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...pH of 1 and 2 respectively, remain its yellow colouration when turmeric was added. There were some limitations in the experiment which has resulted in certain errors being made. The turmeric used as an pH indicator is only capable of changing the colour of solution into darker brown when it is added to basic solution and retaining yellow when it is added to acidic solution. The colour change range is limited as there is no distinct colour changes occur. Therefore, it was difficult to determine the exact value of the pH of the substances using turmeric indicator. Improvement can be made in the future studies through the use of other natural pH indicator which would have more colour changes range. Reference Lists ‘Colourful Chemistry’, in Questacon website, accessed 13 October 2010, from Smith, J 2009, ‘pH Scale: The measurement of acidity or alkalinity of a water based solution’, in Healthier-cleaning-products web, accessed 133 October 2009, from Gentcare Natural Ingredient (GNI), 2010, ‘Tumeric Root Extract’, in GNI Inc web, accessed 12 October 2010, from Helmenstine, n.d, ‘Red Cabbage pH Indicator’, in Guide, accessed 12 October 2010, from <>...

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...The chemistry of perming & rebonding Some of us have naturally curly hair but want it straightened; others have it naturally straight but want it curly. But whatever the style you like to wear, there's chemistry involved in it! The structure of hair Hair is made mostly of a protein called keratin, which is also present in nails. In hair, keratin molecules are arranged in straight bundles. These bundles are held together by disulphide bonds (-S-S-), which give strength to the hair. Disulphide bonds are made by the amino acid called cysteine. The cysteine of one keratin molecule forms a disulphide bond with the cysteine of the neighbouring keratin molecule. The more disulphide bonds there are in a strand of hair, the straighter it is. Ammonium thioglycolate: the perm salt Ammonium thioglycolate (HSCH2CO2NH4) is a compound that can break disulphide bonds. This is because it contains a thiol group (-SH). The thiol group replaces one of the sulphur atoms in the disulphide bond, like this: Keratin-S-S-keratin + 2HS-CH2CO2NH4 --> -HO2CH2CS-SCH2CO2H + 2NH3 + 2HS-keratin When the disulphide bond is broken, the keratin bundles come apart, and hair is weakened. Ammonium thioglycolate is therefore used widely in beauty parlours when customers want their hair re-styled. However, if you use too much of it, or if the reaction is left for too long, you could end up going bald. So do not, ever, try it at home! If you have watched the film Legally Blonde, you'll have seen Reese Witherspoon......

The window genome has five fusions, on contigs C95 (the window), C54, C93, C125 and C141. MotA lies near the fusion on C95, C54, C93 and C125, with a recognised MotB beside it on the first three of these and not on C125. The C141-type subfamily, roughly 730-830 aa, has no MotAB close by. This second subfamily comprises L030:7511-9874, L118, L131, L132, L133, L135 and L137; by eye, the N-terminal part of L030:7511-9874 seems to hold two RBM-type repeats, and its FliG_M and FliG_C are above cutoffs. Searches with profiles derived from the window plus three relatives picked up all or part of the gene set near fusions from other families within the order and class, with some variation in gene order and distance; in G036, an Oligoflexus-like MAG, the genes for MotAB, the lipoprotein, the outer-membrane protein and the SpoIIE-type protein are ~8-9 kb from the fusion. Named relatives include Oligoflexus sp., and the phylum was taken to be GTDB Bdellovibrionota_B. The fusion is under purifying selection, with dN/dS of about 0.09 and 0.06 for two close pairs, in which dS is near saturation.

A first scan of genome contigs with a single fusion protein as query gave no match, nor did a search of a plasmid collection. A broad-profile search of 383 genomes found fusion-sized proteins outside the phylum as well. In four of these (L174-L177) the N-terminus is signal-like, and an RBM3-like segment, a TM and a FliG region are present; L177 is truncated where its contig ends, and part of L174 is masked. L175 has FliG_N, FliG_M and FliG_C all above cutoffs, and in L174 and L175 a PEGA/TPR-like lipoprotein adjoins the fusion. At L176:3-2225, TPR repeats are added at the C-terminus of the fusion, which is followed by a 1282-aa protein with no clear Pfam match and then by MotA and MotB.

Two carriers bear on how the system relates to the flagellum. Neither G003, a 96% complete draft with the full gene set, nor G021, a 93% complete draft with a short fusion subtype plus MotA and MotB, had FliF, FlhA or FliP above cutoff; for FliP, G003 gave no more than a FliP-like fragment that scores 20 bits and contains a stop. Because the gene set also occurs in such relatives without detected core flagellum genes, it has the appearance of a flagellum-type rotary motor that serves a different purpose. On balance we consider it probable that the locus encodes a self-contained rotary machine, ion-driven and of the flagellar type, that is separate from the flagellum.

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...Centre for Foundation Studies, UTAR Chapter Scopes FHSC1124 Organic Chemistry Alkanes • IUPAC Nomenclature / naming of aliphatic alkanes and cycloalkanes • Physical properties • Combustion reactions • Free-radical substitution reactions & mechanism • Crude oil and “cracking” Chapter 2 Introduction to Alkanes IUPAC Nomenclature • Simplest member of hydrocarbon family • General formula of alkanes = CnH2n+2 • Alkanes = Paraffins (hydrocarbons with general formula CnH2n+2) • Aliphatic compounds: open chain / acyclic compounds • The names of alkanes end with suffix -ane. • Saturated hydrocarbon: only have C−C & C−H single bonds & contain the maximum possible number of H per C. 3 IUPAC Rules 1. Select the longest continuous C chain as parent chain (use root word for the no. of C) 2. Name each of the branch/substituents as an alkyl / aryl group 3. Number the C chain beginning from the end nearest to the branch ⇒ branch/substituents appear at the lowest no. possible FHSC1124 ORGANIC CHEMISTRY • IUPAC  International Union of Pure & Applied Chemistry • The IUPAC nomenclature system is a set of logical rules devised and used by organic chemists to name the organic compounds. Prefix − Parent − Suffix What are the How many What family? substituents? carbons? IUPAC Rules 4. Name each substituent according to its chemical identity & the no. of the C atom to which it is attached ⇒ For identical substituent, use the......